Walpa Gorge:

Where? Kata Tjuta

How Long? 2.6km (1.62 miles) 1-hour return

Take the path up a gently rising slope with amazing views of the surrounding landscape. At the end of the Gorge, Spearwood vines can be seen.

Be aware that this is a culturally sensitive area, and as such, you should follow the advice on how to behave appropriately.

Panoramic of the Kata-Tjuta range in the distance

Kata-Tjuta (The Olgas)

Valley of the Winds:

Where? Kata Tjuta

How Long? 7.4km (4.6 miles) 3 hours full circuit

This is one of the harder walks as it is rocky, steep and difficult in parts. But the exertion pays off with amazing views and two great lookout points along the path. You can fully experience the beautiful landscape on this walk.

Be aware, this path will close if temperatures are too high.

Uluru Base Walk:

Where? Base of Uluru

How Long? 9.8km (6.1 miles) 3-4 hours full circuit

This track takes you around the base of Uluru and includes the Mala and Mititjula tracks. It is generally a quiet track so you shouldn’t bump into any large tourist groups. Along the loop, you’ll get a look at the variations in the texture and surface of Uluru as well as seeing more Anangu sites (but heed signs of closure). This path is walked in a clockwise direction.

Watering Hole at Uluru base

The watering holes at the base of Uluru were important to the Anangu people

Guided Walks:

There are two types of guided walks you can take at Uluru, Ranger or Anangu.

The Ranger Guided walk uses the Mala track and so is wheelchair accessible. Allow 1.5 hours.

The Anangu Tours are called Kuniya and Liru walks. Anangu Tours are an Aboriginal owned enterprise. The guide will demonstrate bush skills, talk about their traditional lifestyle, bush food and Tjukurpa.

Sunrise and Sunset

If you are visiting Uluru, you have probably heard about seeing the rock at sunrise and sunset to see the incredible colours of the rock. There are specific viewing areas to see Uluru during these times. Though these areas are likely to be crowded, they are still worth going to.

The effect of the atmosphere on the sun’s’ rays causes the rock to change colour. Any reflections from the sky and rock will enhance the already spectacular colours.

Panoramic of sun set with Uluru to the side

Sunset at Uluru

Important Things To Remember When Visiting Ayers Rock

As the Uluru-Kata Tjuta National Park is a semi-arid environment, it is hot and dry, so it’s important that you look after yourself. It is also a natural and sacred place so you must respect the area. Here are some things to keep in mind when visiting Uluru:

  • Only walk during cooler hours of the day;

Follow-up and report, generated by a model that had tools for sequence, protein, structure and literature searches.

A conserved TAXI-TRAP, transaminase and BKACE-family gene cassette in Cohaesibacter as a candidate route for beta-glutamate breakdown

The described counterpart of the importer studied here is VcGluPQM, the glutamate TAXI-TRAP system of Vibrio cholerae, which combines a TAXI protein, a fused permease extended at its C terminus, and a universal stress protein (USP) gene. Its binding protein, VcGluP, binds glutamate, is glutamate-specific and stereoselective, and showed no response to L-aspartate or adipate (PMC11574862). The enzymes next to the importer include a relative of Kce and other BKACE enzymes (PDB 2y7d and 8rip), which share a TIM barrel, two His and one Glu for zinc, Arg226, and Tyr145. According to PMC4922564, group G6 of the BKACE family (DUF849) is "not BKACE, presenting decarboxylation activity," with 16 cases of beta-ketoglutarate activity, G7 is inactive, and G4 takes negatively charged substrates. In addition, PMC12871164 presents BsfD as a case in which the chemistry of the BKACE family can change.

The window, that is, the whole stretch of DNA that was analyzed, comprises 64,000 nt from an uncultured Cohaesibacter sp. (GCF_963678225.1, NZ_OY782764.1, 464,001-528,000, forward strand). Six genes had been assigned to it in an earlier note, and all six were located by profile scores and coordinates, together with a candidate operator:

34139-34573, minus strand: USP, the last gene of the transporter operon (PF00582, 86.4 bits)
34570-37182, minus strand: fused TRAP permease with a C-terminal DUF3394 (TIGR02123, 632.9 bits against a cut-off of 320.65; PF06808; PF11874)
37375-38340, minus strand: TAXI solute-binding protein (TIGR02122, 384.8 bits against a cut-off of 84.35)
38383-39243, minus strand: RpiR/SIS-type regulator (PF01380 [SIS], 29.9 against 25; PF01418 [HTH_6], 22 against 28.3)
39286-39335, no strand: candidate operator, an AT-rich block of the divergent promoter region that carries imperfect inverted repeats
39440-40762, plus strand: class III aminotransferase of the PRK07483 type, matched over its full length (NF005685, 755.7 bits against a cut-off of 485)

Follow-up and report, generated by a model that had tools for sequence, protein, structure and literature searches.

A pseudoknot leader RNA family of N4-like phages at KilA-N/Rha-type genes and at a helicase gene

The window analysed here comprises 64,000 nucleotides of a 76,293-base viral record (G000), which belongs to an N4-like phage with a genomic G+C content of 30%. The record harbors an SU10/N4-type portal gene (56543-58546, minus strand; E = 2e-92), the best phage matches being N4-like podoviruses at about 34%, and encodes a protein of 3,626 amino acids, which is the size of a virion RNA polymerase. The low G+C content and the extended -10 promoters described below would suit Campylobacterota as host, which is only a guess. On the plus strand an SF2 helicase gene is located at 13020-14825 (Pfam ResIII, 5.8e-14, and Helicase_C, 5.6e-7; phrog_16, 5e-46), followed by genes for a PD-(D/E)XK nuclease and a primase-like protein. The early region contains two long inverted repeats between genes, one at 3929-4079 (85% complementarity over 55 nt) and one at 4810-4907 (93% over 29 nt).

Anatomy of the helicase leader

• Stick to the paths;
  • Wear a hat and use plenty of sun cream;
  • Wear sturdy walking boots;
  • Heed all warning and closure signs;
  • Drink plenty of water to stay hydrated in the heat (about 1 litre of water every hour is recommended);
  • Listen to your own body and use your common sense.

How To Get To Uluru

Getting to Uluru is pretty easy, as it’s such a big attraction. There are loads of tours available to get to the National Park and explore it with a guide. For example, take a look at this 2 Day Camping Adventure.

Or why not book a big Australian adventure to make the most of your time there? Check out this 12 Day Tour that includes a few days in the outback and Uluru.

You can also stay in Alice Springs and take half-day and full-day tours to explore different areas of the National Park.

Visiting Uluru Without A Tour

If you do not want to take a tour, you can see Uluru on your own. Though to see it all without a guide you will need to rent a car. It’s a straight road up the centre of Australia to get to the National Park, but it is a very long drive. You can also get a greyhound bus or the Ghan train. But once there you will need either a tour or car to get around as there are no taxis or public transport in the park.

Uluru in the desert

Uluru is a must-see for any Australian trip

Whatever you choose to do during your visit to Uluru-Kata Tjuta National Park, you’ll still feel like you haven’t seen it all. Exploring the park, only whets your appetite for the place, and doesn’t satisfy it. I spent three nights here with a Groovy Grape tour, and I still feel that I didn’t see enough of the place!

Make the most of your time at Uluru and do what’ll give you the best experiences and memories. Just ensure you do it safely and respectfully, remember to take only pictures and leave only footprints. That way you and the Park itself will be there when you realise you need to see it again and do more there.

Want to visit? You can find accommodation in the nearby town of Alice Springs on Hostelworld.

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Author Bio: Nat

I’m Nat, the backpacker behind natpacker. From the UK, I was bitten by the travel bug during a round the world trip in my early twenties. Since then I have been determined to see as much of this world as possible. My passion for travel led me to start up this blog, partly to record my adventures and partly to inspire others to travel.